ENERXICO partners at the Universidad Autónoma Metropolitana-Azcapotzalco (UAM-A) in Mexico City is collaborating with other institutions within the project in order to develop a computer code called Black Hole (or BH code) for the numerical simulation of oil reservoirs, based on the numerical technique known as Smoothed Particle Hydrodynamics (SPH). This new code is an extension of the DualSPHysics code and is the first SPH-based code that has been developed for the numerical simulation of oil reservoirs.
The SPH numerical simulations will be compared to the results obtained from commercial codes, from multiphase laboratory experiments (see Figure 1) and field data from some commercial partners. UAM-A collaborates in all these activities, including experiments at the IINGEN-UNAM.
Dr. Leonardo Sigalotti, who leads the UAM-A team, shares an update about the state of their work and how COVID-19 has affected them.
On working from home and accepting the ‘new normal’
“At UAM-A we have a number of research members, post-docs and several graduate and undergraduate students. COVID-19 has forced us to work in a different way. We used to meet at the university before, but since March this year we have been unable to go to the office and we have been forced to work at home. An important difference is that we now have frequent videoconferences for discussing the advances of the work. In a sense we have become more productive than before because now we do not have social activities outside our home and many of us are dedicating more time to work. On the other hand, we are now teaching through videoconferences and the interaction with students have become more complicated and it is also taking more of our time.”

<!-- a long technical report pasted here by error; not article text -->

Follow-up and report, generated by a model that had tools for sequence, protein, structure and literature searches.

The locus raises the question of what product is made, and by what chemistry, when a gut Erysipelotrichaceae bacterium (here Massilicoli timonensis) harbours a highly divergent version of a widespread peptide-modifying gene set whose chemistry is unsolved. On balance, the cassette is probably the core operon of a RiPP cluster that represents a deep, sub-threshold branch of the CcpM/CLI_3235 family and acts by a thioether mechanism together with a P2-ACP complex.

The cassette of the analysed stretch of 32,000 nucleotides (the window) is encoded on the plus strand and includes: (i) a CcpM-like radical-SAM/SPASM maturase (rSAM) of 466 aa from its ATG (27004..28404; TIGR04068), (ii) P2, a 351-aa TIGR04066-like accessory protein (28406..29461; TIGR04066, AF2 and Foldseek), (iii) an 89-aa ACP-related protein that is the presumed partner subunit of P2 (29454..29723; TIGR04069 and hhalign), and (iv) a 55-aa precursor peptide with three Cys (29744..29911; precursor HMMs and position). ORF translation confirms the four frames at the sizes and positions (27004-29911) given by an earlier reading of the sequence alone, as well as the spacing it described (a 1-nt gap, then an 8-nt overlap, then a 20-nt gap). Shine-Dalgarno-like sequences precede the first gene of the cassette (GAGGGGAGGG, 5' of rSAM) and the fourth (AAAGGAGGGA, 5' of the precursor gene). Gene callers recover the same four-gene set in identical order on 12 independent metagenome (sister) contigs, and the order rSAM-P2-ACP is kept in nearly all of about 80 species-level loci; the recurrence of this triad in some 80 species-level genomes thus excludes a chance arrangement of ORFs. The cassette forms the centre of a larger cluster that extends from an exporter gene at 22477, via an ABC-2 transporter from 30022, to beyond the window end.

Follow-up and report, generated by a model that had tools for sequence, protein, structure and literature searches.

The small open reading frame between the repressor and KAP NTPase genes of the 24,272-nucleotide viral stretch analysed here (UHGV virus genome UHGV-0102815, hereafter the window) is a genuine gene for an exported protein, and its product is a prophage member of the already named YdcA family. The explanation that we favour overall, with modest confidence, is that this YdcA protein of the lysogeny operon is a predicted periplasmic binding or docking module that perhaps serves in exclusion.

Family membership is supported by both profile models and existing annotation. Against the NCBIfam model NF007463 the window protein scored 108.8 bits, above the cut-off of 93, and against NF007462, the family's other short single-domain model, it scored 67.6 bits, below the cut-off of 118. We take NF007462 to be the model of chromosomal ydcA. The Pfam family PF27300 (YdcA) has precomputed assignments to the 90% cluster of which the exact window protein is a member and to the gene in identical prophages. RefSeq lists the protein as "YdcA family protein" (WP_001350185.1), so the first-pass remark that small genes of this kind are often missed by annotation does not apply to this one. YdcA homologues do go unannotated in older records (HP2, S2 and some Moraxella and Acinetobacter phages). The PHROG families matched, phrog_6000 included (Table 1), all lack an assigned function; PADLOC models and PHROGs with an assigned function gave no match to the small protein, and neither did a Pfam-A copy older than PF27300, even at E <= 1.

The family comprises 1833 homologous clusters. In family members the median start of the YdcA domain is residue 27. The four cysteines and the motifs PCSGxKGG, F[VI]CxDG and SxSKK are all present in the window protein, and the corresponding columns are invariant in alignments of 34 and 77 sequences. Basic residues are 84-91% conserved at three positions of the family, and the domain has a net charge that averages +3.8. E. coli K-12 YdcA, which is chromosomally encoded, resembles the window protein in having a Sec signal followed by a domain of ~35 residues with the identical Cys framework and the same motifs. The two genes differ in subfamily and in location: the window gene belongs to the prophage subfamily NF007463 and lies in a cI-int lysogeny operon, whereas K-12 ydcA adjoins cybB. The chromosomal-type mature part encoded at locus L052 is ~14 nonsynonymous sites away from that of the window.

On computers doing numerical simulations for the BH code
“The computers have continued working and this has not affected the development of the work.”
On delays in UAM-A and IINGEN-UNAM´s experimental work
“We are involved in the experiments at IINGEN-UNAM and in fact also at other laboratories in México. As mentioned before, the aim of these experiments is to compare results of multiphase experiments to SPH simulations for validating the code. The experiments were designed and we were almost ready to start the experiments when they had to be stopped in March. We expect that we will be able to continue the experiments in September, which means a five-month delay. This was the part of the project that has been most affected. On the other hand, theoretical work has been affected to a lesser extent due to the difficulty of being able to interact directly in person. Videoconferences require a schedule to carry them out, and unlike personal interactions, people can get tired much sooner. We hope to return to normal activities within the next few months and be able to continue with the experimental work.”
More about the BH code:
The BH code is a large-scale massively parallel reservoir simulator capable of performing simulations with billions of “particles” or fluid elements that represents the system under study. It contains improved multi-physics modules that automatically combine the effects of interrelated physical and chemical phenomena to accurately simulate in-situ recovery processes. This includes the development of a graphical user interface multiple-platform application for code execution and visualization, and for carrying out simulations with data provided by industrial partners and performing comparisons with available commercial packages. Furthermore, a large effort is being made to simplify the process of setting up the input for reservoir simulations from exploration data by means of a workflow fully integrated in our industrial partners’ software environment.